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Burmese Refugees Struggle With Mental Health Issues

Apr 18, 2018
Participants at one of the Burma Center's English as a second language (ESL) classes
courtesy of The Burma Center

In the United States, the risk of suicide is higher for refugees. It’s even higher if you’re a refugee from Burma. The trauma of fleeing a country in conflict can often turn into mental illness, even years later. But the Western concept of mental health doesn’t exist in Burmese culture. Words like “depression” often don’t translate. As a result, some Burmese refugees aren’t getting the care they need. 

Clerk/Register's Office, Kalamazoo County

Kalamazoo County's local ID task force says residents can apply for the card starting May 3. The identification program is intended to help people who cannot get a state ID. 

Gerry Broome / AP Photo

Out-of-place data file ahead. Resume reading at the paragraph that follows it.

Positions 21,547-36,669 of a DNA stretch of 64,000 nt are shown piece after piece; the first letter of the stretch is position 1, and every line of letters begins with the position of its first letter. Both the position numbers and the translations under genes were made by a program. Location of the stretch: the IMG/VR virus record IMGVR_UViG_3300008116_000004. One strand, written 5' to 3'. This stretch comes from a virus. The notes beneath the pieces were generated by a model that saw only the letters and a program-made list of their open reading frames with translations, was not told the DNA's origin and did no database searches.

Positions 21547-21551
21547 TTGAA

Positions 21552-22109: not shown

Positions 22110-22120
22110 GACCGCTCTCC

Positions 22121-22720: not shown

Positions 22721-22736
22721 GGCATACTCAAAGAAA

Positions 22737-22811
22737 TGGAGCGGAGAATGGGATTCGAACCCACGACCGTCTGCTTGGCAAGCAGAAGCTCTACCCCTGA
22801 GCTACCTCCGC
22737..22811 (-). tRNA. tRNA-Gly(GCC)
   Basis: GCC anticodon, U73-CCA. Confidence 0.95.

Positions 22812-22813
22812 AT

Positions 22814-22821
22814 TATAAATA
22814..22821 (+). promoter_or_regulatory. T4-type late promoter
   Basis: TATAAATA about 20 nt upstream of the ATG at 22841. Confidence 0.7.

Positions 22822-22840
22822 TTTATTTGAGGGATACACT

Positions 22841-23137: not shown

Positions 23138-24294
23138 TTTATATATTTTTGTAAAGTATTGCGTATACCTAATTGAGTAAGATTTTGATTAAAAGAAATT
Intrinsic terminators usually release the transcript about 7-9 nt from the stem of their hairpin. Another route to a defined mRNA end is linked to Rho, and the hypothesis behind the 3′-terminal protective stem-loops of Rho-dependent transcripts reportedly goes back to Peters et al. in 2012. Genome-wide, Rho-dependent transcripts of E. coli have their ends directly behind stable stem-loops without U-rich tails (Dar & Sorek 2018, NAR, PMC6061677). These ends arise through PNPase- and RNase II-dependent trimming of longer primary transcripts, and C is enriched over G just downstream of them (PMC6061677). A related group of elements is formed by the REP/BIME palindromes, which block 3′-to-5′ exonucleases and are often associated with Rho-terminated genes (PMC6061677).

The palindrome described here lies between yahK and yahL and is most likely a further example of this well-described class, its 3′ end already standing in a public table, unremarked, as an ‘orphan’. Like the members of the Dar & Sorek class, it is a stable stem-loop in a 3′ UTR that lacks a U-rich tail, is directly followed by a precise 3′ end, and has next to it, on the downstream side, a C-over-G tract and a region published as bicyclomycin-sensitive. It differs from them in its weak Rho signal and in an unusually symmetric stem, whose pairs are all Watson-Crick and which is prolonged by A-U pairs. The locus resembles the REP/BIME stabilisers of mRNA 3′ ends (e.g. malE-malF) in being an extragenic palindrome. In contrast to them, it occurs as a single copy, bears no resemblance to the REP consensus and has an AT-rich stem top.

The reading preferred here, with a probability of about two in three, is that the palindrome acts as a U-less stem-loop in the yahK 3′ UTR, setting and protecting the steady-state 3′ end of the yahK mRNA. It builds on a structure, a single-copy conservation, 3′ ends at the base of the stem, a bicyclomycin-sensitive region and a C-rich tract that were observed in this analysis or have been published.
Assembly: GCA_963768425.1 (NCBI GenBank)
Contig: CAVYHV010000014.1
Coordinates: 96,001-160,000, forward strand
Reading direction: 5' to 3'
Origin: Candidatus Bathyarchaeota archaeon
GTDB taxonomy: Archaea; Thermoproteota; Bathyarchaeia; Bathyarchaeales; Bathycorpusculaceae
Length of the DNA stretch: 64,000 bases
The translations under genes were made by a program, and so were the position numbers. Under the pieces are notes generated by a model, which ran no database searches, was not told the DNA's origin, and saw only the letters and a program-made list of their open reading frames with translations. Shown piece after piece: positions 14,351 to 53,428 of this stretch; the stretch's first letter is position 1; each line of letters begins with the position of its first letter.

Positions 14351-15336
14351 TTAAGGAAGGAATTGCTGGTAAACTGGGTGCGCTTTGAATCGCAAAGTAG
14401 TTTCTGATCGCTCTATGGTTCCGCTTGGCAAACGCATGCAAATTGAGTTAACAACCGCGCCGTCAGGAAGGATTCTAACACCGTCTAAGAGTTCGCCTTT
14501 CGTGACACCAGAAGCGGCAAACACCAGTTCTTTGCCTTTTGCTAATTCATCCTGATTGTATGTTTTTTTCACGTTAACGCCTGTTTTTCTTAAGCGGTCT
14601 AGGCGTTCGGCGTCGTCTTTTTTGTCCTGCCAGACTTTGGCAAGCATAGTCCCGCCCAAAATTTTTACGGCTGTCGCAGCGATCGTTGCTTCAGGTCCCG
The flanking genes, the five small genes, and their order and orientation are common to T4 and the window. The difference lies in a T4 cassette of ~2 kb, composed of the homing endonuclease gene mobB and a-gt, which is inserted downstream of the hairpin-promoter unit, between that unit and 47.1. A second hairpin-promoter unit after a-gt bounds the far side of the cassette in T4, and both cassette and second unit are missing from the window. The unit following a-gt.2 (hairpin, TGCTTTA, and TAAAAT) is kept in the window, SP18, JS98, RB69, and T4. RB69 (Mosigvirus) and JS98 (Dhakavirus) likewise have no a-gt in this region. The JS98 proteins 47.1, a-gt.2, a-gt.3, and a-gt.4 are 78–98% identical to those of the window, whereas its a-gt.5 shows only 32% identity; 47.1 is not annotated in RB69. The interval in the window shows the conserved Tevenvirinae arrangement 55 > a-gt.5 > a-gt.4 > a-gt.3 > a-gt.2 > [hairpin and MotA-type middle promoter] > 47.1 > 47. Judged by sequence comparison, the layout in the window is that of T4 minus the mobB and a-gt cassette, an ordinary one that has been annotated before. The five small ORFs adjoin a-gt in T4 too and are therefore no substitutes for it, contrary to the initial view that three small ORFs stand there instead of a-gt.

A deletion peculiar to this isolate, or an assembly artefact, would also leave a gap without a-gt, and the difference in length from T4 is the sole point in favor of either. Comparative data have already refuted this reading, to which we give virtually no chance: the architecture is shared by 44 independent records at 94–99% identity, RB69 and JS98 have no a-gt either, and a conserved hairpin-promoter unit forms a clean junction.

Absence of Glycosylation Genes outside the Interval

Health officials in Kalamazoo County are calling for more regulation of some water wells. Right now, non-drinking wells that draw less than 70 gallons per minute do not need a permit. The state does set rules for wells that pull more than that volume.

Unspecified artist, Lavender Morning / OutFront Kalamazoo

It might sound hyperbolic to say that community can save your life, but that was the experience of some members of Kalamazoo’s Lavender Morning. Founded in 1979, the lesbian group, which organized dances and published a newsletter, included women whose families ostracized them for being gay.

Western Michigan University libraries

In 1915, just fifty years after the end of slavery in the United States, a group of states convened a fair in Chicago they called the Lincoln Jubilee. The weeks-long event celebrated African-Americans’ achievements since the signing of the Thirteenth Amendment. Michigan’s delegation wrote a book for the occasion, and one historian says it belongs on everyone’s reading list.